Activated Charcoal In The 21st Century: How It Works And How It’s Used

Once you realize the benefits of activated charcoal, you will want to keep a 50-pound supply in your home (like me). As early as 1800 AD, scientists were demonstrating the effectiveness of charcoal in the prevention of poisoning in humans and animals.

The following instance may seem like a special case, but it’s a personal one to me and reminds us all that charcoal can actually save a life. It was a relaxing Sunday evening: the sun had set and our family had been planning the following day’s activities. Our dog had been playing outside for awhile and we didn’t notice anything irregular until I decided to step outside later that evening and I saw her lying on the grass in extreme pain. Her paw was swollen to twice its size. I looked at her paw to find the cause and recognized a puncture that was oozing fluid. It was a rattlesnake bite. Unless treated immediately, these types of venomous bites lead to death. There was no way to reach a vet in time so we had to improvise and move fast.

Charcoal intervention

We gave our dog a dose of pain meds and applied activated charcoal directly to the wound, and also along with her paw and leg leading up to her shoulder. Once having applied powder charcoal, we then gave her charcoal mixed with water to drink. At that point, the rattlesnake poison was traveling rapidly up her leg and to her neck. We thought we were too late, but we continued the charcoal treatment anyway. To our amazement, the charcoal drew the powerful poison out of her body and the liquid charcoal flushed the venom from her body.

Our little dog a week later was jumping and playing like she’d never been bitten. I believe it was because of the charcoal treatment. Usually, only anti-venom can reverse the result of a rattlesnake bite, but this situation proved otherwise. Research has shown the effectiveness of charcoal for home-use. After realizing just how powerful charcoal is, I went out and got myself the aforementioned 50-pounder of charcoal powder, just in case.

Activated charcoal – what is it?

Activated charcoal is a natural substance that can help remove toxins and chemicals from the skin and can prevent the body from absorbing unwanted chemicals. It’s a fine, black powder typically made from coconut husks, bamboo, wood, willow peat, and many other naturally occurring substances. These carbon-rich materials are burned at high temperatures to obtain charcoal, which is a pure form of carbon. This pure form of carbon is passed through chemical processes, which activate the charcoal, and then treated with oxygen, steam, and carbon dioxide, which removes any impurities.

The final product is a fine black porous grain. The granules have many holes and crevices, which increase the surface area and creates ample space for surface binding and adsorption. The adsorbent nature of charcoal traps toxins and chemical molecules. The charcoal granules have a negative electrical charge that pulls the positively charged toxins and gases into the molecules of activated charcoal. This prevents the toxins from being absorbed into the bloodstream.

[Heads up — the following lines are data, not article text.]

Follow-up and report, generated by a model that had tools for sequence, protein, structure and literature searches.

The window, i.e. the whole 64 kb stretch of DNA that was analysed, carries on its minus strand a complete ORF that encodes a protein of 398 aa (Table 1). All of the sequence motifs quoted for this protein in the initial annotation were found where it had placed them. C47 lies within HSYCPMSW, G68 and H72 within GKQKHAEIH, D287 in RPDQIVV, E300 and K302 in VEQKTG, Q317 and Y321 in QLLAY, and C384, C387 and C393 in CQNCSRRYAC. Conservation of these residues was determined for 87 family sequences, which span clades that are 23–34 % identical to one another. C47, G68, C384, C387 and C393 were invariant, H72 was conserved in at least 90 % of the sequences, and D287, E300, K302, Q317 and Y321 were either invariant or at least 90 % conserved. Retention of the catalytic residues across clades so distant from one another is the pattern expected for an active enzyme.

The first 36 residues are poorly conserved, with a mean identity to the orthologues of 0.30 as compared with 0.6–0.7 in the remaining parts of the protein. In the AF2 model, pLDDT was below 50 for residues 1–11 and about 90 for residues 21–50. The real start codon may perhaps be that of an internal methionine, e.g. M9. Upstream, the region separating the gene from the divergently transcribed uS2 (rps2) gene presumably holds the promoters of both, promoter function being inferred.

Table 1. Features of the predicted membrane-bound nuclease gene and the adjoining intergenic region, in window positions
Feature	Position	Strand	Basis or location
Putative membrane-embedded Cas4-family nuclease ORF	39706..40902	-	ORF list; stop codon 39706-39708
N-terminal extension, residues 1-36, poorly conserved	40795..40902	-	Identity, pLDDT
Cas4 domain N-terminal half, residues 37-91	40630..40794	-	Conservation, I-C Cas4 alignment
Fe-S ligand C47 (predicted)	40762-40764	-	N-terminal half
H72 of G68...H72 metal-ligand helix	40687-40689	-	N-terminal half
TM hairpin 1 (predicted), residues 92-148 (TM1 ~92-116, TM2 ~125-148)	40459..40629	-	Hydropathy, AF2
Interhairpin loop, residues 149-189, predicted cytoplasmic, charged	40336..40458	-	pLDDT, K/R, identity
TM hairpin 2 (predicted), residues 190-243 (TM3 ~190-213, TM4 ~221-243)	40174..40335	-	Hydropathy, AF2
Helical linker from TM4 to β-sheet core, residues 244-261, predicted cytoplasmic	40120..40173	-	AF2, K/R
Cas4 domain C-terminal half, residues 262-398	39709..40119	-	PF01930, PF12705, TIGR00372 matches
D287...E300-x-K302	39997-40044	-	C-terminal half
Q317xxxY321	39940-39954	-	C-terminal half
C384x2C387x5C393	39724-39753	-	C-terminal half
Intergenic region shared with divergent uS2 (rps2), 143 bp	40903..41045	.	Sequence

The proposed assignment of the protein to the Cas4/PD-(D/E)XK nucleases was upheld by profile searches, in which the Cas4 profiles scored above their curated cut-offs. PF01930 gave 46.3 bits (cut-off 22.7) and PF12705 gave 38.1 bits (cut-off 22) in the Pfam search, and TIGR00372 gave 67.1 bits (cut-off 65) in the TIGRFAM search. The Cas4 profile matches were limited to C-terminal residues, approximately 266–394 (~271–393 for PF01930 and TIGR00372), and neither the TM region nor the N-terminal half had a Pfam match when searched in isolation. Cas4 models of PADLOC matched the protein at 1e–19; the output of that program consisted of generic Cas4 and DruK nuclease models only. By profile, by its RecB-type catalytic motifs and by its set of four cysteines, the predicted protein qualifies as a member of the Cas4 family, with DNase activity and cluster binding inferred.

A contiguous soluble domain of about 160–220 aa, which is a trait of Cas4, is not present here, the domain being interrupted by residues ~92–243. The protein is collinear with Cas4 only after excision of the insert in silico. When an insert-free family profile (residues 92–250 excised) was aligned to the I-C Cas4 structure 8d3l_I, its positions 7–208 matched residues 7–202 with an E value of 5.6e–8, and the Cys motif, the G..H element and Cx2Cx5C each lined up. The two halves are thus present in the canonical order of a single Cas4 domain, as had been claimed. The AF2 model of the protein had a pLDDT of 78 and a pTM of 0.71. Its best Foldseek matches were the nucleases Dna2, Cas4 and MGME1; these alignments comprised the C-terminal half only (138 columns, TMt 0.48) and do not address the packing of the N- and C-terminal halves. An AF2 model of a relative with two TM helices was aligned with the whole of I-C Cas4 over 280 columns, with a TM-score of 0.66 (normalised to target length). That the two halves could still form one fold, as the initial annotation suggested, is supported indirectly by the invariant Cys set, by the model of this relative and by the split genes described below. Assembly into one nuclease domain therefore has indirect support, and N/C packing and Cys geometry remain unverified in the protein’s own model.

Another important fact is that the activated charcoal is not absorbed by the body. Instead is excreted from the body along with the adsorbed toxins on its surface, just like the rattlesnake venom that left my dog’s body.

Today’s uses 

Even though the adsorptive qualities of charcoal have been studied for over 150 years, it’s only gained wider recognition in the past fifty years. Now, activated charcoal is commonly used to prevent toxins from entering the systemic circulation.

The most frequent use is to treat drug overdose. The time of charcoal ingestion after overdosing can mean life or death. In poisoning cases, it has to be applied speedily from about one to two hours after exposure to the poisonous substance. Charcoal also promotes kidney function by absorbing a large number of impurities. Another major benefit of charcoal is its ability to bind to cholesterol and bile acids. This is beneficial in the adsorption of cholesterol.

Finally, the common everyday uses are teeth whitening, reduction of gas and bloating, and skin treatment. Now, there is even a ready-made hydrogel charcoal patch on the market that eliminates the mess and time it takes to make a charcoal poultice and works to naturally relieve inflammation, chronic pain, and soreness. Activated charcoal truly seems to be reaching its fullest potential in the modern world. The health benefits are important to know so that we can know when and how to utilize this tool.

How to use activated charcoal for an insect bite, sting, or rash 

    1. Mix 3 tablespoons of ground flaxseed (or cornstarch) with 3 tablespoons of charcoal powder.
    2. Slowly add 2/3 cup of water to the mixture and mix.
    3. Apply the mixture to the affected area.
    4. Repeat every half an hour at least 1-3 times until the itching or rash is completely gone.  
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Raeann Leal

Raeann is a graduate student at Loma Linda University School of Public Health pursuing her MPH in Lifestyle Medicine. In her free time, Raeann likes to cook unique and healthy dishes, read relevant and recent research articles related to diseases and their cures, and experience the outdoors.

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